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Five Reasons Why You Should Safari in Sri Lanka

There’s no shortage of incredible wildlife experiences in Sri Lanka. Regardless of where you may be on our island, you’ll come to discover 27 different national parks, scattered across diverse landscapes, plains and terrains. As a whole, the rich biodiversity and high density of endemism has proven to be one of the many reasons why wilderness lovers and enthusiasts have continued to visit regularly for a safari experience. 

 

Sightings of the Big Four 

Sri Lanka boasts the highest density of leopard population in the world and it is also home to both the largest land and marine mammals in the world – the Asian elephant and the Blue whale. The Sri Lankan sloth bear is a subspecies that is endemic to the island as well. These great animals make up the Big Four of our little island and are often on the ‘must-see’ list of wildlife enthusiasts from across the world. The Yala National Park is a great place for sighting leopards; the Minneriya National Park for the Asian elephant; the southern coast and its waters for the Blue whale and the sloth bears at the Uda Walawe National Park. 

 

Underrated Bird Life

For an island as small as ours, the birdlife is quite extraordinary. Discover a large number of native as well as migrant bird species that can be sighted throughout the year. Sri Lanka is home to over 435 species of birds in total, of which 236 are resident breeders, 203 are migrants and the rest are vagrant types. The seasonal migratory birds are terrestrial as well as aquatic, ending their long journey on our island, making it a regular wintering ground. Yala, Wilpattu, Horton Plains, Uda Walawe and Bundala are amongst some of the best known reserves, parks and areas to visit. 

 

The Views

As much as safaris are about the creatures that inhabit the wild, notice some of the best views of the surrounding landscape. Getting to some of the national parks might prove to be a bit more challenging than others, but they can also be just as rewarding. Horton Plains for example will provide a very diverse panorama even if it’s misty, which is quite captivating compared to Kumana National Park that is home to mangroves, kumbuk trees and marshland.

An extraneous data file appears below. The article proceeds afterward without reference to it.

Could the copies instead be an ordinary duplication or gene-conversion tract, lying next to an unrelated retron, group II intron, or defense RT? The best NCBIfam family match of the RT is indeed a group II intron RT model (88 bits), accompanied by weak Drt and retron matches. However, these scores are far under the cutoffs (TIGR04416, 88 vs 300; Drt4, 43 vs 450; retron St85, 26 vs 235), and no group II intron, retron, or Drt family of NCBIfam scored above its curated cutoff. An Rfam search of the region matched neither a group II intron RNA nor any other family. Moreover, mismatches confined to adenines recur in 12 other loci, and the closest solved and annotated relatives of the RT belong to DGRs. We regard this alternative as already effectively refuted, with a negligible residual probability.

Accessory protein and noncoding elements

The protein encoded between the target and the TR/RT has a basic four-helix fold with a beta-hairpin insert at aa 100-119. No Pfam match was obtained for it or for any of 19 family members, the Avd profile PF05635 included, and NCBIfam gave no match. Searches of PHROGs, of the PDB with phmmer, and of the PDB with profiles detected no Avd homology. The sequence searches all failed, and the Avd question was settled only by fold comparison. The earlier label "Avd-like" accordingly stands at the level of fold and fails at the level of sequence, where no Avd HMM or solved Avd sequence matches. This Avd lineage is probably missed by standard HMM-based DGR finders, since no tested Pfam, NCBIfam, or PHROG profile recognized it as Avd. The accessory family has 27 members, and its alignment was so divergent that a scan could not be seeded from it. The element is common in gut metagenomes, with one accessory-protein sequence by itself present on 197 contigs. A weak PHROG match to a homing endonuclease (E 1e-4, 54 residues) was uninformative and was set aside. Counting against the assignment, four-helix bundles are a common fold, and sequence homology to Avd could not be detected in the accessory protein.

Lesser Known Parks and Plains

The Lunugamvehera National Park acts as a reserve corridor for elephants. Although often overshadowed by its two big neighbouring parks – Yala and Uda Walawe – this one’s just as special for those looking for a quieter safari experience. The Sinharaja Forest Reserve is our island’s only tropical rainforest. Research suggests more than 60% of the existing trees are endemic, and also considered rare. The lush reserve is also home to endemic wildlife, especially birds, mammals and butterflies, as well as various species of insects, reptiles and amphibians. Other lesser parks and plains include Wasgamuwa, Gal Oya, Flood Plains, Kalametiya Bird Sanctuary, Pigeon Island and Somawathiya that call for a visit at least once during your travels across our country. 

 

All Year Round Experience 

Safaris are an all year round experience on our island. Even if the weather patterns change in one zone, the outlook can be different in another. Do watch out for the monsoon seasons – southwestern which occurs between May and September, and the northeastern which occurs between October and January. Either way, you’ll be sure to have some great sightings and plenty of exciting adventures. 

 

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